At one month, Google+ already a 'major player'
Google+ on Thursday hit its one-month birthday and is already a major social networking player, analysts say.
Google released its much-anticipated social network on June 28. Google+ quickly grabbed headlines, gained 10 million users in its first two weeks (and another 10 million since then) and had people seeking invitations to its field trial from total strangers.
Oh, and it's gained a lot of interest in the much-sought-after and lucrative enterprise market. Businesses have been clamoring to set up Google+ accounts, even though the network has asked companies and organizations to wait until a business version is ready in a few months.
"With tens of millions of users and Google behind it, Google+ has become a major player," said Rob Enderle, an analyst with the Enderle Group. "It has a good vibe going for it. The product is embracing concepts from Twitter, LinkedIn, and Facebook.... The end result is a higher average quality of information and less overall information traffic, making the service more useful for most."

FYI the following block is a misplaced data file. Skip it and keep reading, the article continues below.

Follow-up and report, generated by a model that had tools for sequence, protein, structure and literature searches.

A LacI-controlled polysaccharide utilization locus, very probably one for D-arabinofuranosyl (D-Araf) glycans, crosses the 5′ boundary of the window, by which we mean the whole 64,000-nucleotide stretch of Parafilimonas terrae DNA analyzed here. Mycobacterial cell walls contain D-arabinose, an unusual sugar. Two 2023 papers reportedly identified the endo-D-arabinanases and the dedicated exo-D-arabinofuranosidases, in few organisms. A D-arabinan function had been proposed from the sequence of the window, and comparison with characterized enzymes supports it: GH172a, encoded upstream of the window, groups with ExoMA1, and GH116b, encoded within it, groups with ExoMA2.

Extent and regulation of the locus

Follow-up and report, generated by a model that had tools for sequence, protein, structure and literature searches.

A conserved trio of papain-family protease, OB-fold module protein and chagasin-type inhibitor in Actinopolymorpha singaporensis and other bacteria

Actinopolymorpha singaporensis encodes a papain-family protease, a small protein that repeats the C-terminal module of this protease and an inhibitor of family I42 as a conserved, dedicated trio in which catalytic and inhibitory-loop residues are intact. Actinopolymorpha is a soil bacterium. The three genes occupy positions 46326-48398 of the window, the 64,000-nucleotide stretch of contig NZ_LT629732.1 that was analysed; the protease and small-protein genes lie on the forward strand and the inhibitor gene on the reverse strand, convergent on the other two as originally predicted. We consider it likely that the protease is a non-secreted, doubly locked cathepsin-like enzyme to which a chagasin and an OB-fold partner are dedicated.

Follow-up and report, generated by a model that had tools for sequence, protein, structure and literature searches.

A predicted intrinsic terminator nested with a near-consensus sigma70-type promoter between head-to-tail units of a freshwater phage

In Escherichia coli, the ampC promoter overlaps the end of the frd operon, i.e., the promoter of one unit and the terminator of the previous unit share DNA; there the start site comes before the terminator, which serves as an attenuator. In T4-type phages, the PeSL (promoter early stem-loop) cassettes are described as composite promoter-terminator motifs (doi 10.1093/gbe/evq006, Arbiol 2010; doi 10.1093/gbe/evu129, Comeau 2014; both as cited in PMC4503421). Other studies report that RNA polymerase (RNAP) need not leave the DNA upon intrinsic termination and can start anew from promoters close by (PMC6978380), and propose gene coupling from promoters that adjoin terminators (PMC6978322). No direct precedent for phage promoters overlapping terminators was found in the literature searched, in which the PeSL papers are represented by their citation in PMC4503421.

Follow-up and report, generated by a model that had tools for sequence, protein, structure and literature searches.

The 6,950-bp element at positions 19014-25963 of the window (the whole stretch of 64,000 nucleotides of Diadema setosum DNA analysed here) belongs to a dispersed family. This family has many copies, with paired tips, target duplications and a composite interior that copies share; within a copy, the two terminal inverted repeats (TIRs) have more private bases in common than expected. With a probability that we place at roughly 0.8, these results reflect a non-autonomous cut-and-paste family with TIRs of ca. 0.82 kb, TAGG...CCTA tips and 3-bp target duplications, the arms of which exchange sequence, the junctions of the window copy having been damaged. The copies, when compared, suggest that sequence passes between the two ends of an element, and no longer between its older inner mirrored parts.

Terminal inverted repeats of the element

All of this fanfare and success means Facebook, which had been skating along with nary a serious rival, is having to make room for a new competitor.
"It's been going very well for Google+," said Dan Olds, an analyst for The Gabriel Consulting Group. "I'm not sure [Google] can ask for much more at this point - although I'm sure they will."
Olds pointed out that the new network's technical rollout has gone very smoothly. There have been no outages or security breaches.
"It looks like everything that's supposed to work is working," he added. "This is crucially important at launch, since it ensures that news coverage concentrates on the Google+ story, rather than focusing on bad technical execution or something like that."
Google+ did have to deal with a report from Hitwise, an Internet traffic tracker, this week that its traffic had dipped. Hitwise reported that for the week ending July 23, Google+ had 1.79 million visits, down 3% from the week before. The report also noted that the average time spent on the site had fallen 10% that week to 5 minutes and 15 seconds.